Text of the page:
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Preterm Labour | Preterm Birth

Most babies are delivered between 37-41 weeks gestation and are considered to be at “term”.

Babies born before 37 weeks are considered to be “preterm” or “premature”. Babies born at 32-36 weeks are referred to as being “moderately or slightly” premature, those born before 32 weeks as being “very” premature and those born before 25 weeks as being “extremely” premature.

Depending on how early a baby is born, they may be at risk of a number of serious health problems or even death. The earlier their birth occurs, the greater are those risks.

Essential Information

  • In Canada, approximately 8% of babies (approximately 25,000) are born prematurely (< 37 weeks) every year.
  • Most premature babies do very well, but some, especially those who are born very early, may experience life-long challenges such as developmental delay, learning disability, physical handicap, lung or gastrointestinal problems, vision or hearing loss.
  • Women who have given birth prematurely in a previous pregnancy and/or who have certain risk factors are at a higher risk of giving birth prematurely. Their future pregnancies will need to be monitored closely.
  • Preterm babies may have to stay in the Neonatal Intensive Care Unit (NICU) for a prolonged period of time. Our NICU at Mount Sinai Hospital has experienced staff and specialized equipment to help deal with the many of the challenges that premature birth poses: e.g. breathing, keeping warm, feeding etc.
  • Mount Sinai Hospital is a prominent member of the Canadian Preterm Birth Network, the aim of which is to improve the outcomes for preterm infants and their families

Overview

Preterm birth is defined as a baby is born before 37 completed weeks of gestation.

Preterm birth is classified into two categories. One third of preterm births are “iatrogenic”, which means that there are medical reasons to plan an early delivery for the safety of the mother and/or her baby

Two thirds of preterm births are “spontaneous”, meaning that they were unplanned, unpredictable and unable to be stopped once the process started. This type of delivery can be defined as:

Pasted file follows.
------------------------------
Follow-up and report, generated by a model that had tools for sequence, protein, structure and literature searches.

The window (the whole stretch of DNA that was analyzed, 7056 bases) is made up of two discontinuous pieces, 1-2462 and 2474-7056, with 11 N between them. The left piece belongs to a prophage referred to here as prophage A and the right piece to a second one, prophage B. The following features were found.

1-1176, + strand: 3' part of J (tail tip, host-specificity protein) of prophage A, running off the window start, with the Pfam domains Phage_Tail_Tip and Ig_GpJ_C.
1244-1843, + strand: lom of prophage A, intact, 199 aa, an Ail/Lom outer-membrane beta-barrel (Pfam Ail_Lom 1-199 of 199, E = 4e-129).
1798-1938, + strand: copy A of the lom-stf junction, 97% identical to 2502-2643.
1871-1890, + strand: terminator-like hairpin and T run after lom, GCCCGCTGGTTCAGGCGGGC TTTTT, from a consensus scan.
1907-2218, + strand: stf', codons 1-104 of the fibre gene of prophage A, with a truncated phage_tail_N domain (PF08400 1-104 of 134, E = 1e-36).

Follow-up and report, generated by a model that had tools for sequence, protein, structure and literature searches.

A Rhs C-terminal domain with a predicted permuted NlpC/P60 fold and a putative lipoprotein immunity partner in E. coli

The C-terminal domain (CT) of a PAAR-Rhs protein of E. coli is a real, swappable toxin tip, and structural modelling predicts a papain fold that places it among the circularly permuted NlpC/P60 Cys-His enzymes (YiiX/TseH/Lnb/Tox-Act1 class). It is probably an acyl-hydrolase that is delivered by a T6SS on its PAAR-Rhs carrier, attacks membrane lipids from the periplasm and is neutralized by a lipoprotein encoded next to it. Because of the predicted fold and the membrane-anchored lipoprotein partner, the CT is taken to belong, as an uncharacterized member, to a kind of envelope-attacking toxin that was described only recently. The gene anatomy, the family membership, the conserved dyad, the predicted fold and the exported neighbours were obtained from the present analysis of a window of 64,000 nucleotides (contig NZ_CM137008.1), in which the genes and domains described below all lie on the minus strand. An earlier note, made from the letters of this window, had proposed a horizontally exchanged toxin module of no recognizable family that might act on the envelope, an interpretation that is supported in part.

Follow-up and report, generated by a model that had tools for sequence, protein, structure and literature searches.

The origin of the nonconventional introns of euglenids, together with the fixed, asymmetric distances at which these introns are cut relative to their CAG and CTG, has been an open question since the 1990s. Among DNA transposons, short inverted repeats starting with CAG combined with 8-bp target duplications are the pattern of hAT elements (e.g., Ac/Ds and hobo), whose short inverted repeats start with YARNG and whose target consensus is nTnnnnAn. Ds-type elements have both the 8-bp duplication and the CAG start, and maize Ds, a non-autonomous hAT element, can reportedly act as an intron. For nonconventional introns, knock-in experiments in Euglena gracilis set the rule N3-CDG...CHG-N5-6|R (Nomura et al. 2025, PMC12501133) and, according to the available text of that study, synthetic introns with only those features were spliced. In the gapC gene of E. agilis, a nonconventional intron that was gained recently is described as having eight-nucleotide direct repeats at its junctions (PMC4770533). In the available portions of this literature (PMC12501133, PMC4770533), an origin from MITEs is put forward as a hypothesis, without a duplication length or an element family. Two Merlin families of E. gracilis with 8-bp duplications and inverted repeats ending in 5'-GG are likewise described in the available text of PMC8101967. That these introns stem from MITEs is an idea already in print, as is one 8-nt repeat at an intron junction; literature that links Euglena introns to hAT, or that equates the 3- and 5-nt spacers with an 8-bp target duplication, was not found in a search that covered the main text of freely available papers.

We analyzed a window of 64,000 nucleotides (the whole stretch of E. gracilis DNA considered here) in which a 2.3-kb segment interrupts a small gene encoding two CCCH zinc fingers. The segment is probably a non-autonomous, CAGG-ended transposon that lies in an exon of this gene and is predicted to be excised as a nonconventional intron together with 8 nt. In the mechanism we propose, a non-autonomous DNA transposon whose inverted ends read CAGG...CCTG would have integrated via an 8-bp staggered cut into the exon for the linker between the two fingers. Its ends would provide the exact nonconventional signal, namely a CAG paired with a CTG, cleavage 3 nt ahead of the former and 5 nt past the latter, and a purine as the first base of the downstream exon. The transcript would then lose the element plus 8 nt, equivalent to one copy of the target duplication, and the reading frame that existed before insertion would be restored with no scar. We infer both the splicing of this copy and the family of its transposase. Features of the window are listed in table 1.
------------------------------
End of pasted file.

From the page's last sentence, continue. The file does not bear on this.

• Preterm labour (contractions and cervical dilation)
  • Preterm rupture of the membranes (PPROM) (the amniotic sac breaks and amniotic fluid leaks out, triggering preterm labour or initiating other processes which may predispose to preterm birth)
  • Cervical insufficiency (the cervix dilates without contractions or PPROM).

Predicting that a woman is at a higher risk of preterm birth depends on the assessment of her risk factors including:

  • Past medical & social history
  • History of one or more preterm births
  • Multiple pregnancies (i.e. twins etc.)
  • Previous surgery on the cervix
  • Shortened cervical length
    • Cervical length is usually measured at the time of an anatomy ultrasound (~20 weeks), but maybe evaluated sooner and/or more frequently if there are additional risk factors and/or a previous preterm birth.

Treatment/Prevention of Preterm Birth

Women who are at risk of giving birth prematurely may be referred to our Prevention of Preterm Birth Clinic or Placenta Clinic, depending on their risk factor(s) for preterm birth. The goal of these clinics is to care for patients so that they can carry their pregnancy as far as it is safe to do so. Care is tailored to the specific needs of the patient and her family, taking into account her risk factors for giving birth early.

Caregivers in our clinic include doctors (obstetricians/maternal-fetal-medicine specialists & paediatricians), nurses, sonographers, social workers, nutritionists and perinatal psychiatric counselors/physicians.

Many approaches may help to promote a healthy pregnancy and to minimize the risk of preterm birth, including:

  • Optimizing maternal health & weight
  • Following a healthy lifestyle, without drug or alcohol abuse
  • Ensuring good nutrition
  • Zinc/Calcium supplementation
  • Omega 3 or pro-biotic supplementation
  • Smoking cessation
  • Maintaining good dental hygiene

Specific strategies for preterm birth prevention may be suggested based on risk factors, pregnancy history and ongoing pregnancy assessment, including:  

  • Screening for and treating vaginal and/or urinary tract infections
  • Progesterone supplementation (vaginal)
  • Cervical cerclage (a stitch inserted to reinforce the mechanical strength of the cervix)
  • Low dose aspirin.
  • Restricting vigorous activity

Referral Information

All patients at risk for preterm birth should be referred to a tertiary care centre, such as Mount Sinai Hospital for evaluation.